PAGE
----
Saturday, March 17, 2012

Legal Project CLE Announcement

The Legal Project

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SUING THE MESSENGER: The Misuse of Law to Suppress Free Speech Regarding Terrorism, Radical Islam and Related Topics.

Date/Time: Friday, April 6, 2012; 1-2:30 pm

Place: Philadelphia, PA, Drexel University

Registration: Please register in advance by emailing Ann Snyder (

Additional Information for Attorneys: Approval is pending for one and a half (1.5) substantive CLE credits from Pennsylvania.

Admission Fee and Waiver: $20. Attorneys unable to afford the entry fee may request a waiver by emailing at least three days prior to the actual course presentation. The request must include the attorney's place of employment (if working); yearly salary (if applicable); and a phone number at which the attorney may be contacted. A decision will be made at least one day prior to the event.

Course description - This 1.5 hour course examines the misuse of law to suppress the free speech rights of authors and researchers commenting on terrorism, radical Islam and related issues.

Public discourse on these issues has long been hampered by physical intimidation such as the gruesome murder of Theo van Gogh and the Mohammad Cartoons riots. But over the last decade, a more subtle challenge has emerged in the form of predatory lawsuits. These suits seek less to win than to wear down researchers and analysts who, even when they prevail, pay heavily in time and money.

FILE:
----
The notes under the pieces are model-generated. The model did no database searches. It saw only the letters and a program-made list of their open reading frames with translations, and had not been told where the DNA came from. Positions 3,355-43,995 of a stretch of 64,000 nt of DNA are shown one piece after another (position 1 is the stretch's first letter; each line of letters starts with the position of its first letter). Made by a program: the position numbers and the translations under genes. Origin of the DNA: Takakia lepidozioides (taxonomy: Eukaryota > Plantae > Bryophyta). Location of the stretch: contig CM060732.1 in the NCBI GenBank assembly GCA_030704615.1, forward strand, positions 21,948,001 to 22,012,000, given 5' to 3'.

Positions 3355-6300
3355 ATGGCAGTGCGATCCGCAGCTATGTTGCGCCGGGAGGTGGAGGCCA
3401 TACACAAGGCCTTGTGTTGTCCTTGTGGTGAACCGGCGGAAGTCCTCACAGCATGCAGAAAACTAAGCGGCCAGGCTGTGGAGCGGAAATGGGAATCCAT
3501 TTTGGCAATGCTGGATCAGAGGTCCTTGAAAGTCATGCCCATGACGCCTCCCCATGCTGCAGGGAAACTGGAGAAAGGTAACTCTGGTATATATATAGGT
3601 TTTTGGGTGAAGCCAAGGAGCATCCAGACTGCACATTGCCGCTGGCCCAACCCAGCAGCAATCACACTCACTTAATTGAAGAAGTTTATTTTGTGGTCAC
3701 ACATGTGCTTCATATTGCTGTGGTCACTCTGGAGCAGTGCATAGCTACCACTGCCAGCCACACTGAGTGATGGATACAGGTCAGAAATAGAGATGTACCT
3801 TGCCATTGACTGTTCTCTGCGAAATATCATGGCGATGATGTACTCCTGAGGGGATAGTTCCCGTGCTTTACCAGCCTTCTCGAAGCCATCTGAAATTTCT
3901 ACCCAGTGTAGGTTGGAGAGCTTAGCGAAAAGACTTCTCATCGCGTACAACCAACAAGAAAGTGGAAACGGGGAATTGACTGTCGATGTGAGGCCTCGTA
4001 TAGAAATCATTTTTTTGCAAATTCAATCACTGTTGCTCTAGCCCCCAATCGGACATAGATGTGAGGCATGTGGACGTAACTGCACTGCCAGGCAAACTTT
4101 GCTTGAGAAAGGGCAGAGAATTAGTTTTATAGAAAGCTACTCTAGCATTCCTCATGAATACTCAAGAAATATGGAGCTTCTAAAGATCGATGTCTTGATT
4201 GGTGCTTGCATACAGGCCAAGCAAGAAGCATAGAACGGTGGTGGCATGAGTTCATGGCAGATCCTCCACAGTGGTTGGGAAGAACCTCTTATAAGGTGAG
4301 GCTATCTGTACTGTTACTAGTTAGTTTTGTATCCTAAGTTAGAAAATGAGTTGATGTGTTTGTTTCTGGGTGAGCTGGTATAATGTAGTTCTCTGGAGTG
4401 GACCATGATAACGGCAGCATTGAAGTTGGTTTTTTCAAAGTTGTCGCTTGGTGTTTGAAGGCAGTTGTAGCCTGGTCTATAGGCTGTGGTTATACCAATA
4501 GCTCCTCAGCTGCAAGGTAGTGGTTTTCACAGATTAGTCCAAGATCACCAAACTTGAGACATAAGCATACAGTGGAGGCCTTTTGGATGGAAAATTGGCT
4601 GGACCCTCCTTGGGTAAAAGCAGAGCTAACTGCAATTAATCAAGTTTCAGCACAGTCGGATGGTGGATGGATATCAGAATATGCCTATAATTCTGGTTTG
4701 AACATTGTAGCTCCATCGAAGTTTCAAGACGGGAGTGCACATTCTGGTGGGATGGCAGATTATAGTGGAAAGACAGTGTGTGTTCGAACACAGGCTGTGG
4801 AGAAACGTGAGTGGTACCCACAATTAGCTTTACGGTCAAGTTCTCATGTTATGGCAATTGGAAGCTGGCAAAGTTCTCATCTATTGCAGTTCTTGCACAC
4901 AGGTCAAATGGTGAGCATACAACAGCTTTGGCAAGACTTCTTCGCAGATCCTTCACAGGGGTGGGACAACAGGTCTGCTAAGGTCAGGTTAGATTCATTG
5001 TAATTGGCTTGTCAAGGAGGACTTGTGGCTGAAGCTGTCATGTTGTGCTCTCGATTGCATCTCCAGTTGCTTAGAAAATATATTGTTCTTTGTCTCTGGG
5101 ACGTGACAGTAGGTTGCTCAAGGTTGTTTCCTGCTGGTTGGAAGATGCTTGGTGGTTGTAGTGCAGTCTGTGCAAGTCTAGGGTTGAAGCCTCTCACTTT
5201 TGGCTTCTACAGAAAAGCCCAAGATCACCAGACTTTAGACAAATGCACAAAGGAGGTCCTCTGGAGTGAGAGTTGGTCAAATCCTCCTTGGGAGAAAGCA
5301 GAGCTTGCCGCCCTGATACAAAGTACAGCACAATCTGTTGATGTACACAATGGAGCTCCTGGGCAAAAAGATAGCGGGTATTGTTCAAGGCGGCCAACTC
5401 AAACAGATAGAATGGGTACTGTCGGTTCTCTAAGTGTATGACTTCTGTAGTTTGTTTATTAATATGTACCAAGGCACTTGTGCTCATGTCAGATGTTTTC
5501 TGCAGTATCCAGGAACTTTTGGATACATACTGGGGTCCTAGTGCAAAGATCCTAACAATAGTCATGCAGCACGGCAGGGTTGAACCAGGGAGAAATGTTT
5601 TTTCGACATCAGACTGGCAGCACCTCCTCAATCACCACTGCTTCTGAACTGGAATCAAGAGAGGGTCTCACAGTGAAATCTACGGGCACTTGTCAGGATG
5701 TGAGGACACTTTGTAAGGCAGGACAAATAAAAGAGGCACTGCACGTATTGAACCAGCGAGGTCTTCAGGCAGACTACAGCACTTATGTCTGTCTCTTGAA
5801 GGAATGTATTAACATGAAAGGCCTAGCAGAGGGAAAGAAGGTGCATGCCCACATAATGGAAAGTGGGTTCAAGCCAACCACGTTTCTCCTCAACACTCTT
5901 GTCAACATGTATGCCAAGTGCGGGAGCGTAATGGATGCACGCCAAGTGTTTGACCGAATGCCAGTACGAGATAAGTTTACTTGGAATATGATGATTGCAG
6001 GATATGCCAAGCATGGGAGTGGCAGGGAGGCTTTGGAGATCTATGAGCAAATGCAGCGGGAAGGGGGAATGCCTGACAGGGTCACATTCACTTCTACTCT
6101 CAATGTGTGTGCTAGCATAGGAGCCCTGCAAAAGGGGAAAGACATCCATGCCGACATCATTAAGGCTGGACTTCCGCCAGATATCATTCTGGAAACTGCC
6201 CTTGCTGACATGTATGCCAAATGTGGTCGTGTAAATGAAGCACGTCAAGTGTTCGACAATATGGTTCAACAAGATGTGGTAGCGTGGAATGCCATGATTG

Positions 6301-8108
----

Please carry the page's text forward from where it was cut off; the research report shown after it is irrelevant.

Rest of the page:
Relying largely on legal case studies, the course will establish the threat, document its manifestations across the globe and discuss ways to meet it. While the primary focus will be on manipulation of US libel law to stifle debate, attention will also be brought upon efforts to conscript Canadian, European and even International law in the service of suppression.

Part I will define the problem and illustrate the emergence of predatory suits as a strategy. Part II will offer an overview of US libel law and then describe how it is being misused to stifle fair discussion of terror financing and related issues. Part III focuses on Britain's plaintiff friendly libel laws and the various ways they have been used to chill both UK and US authors. Part IV examines the emergence of Canadian administrative tribunals as instruments of censorship. Part V analyzes challenges to free speech posed by Europe's hate speech laws. Part VI examines the cynical manipulation of international human rights laws to suppress open dialogue through such mechanisms as UN resolutions prohibiting blasphemy. The final two sections survey the overall success of campaigns to inhibit debate on radical Islam and the response of governments, entities and individuals dedicated to defending free speech rights.

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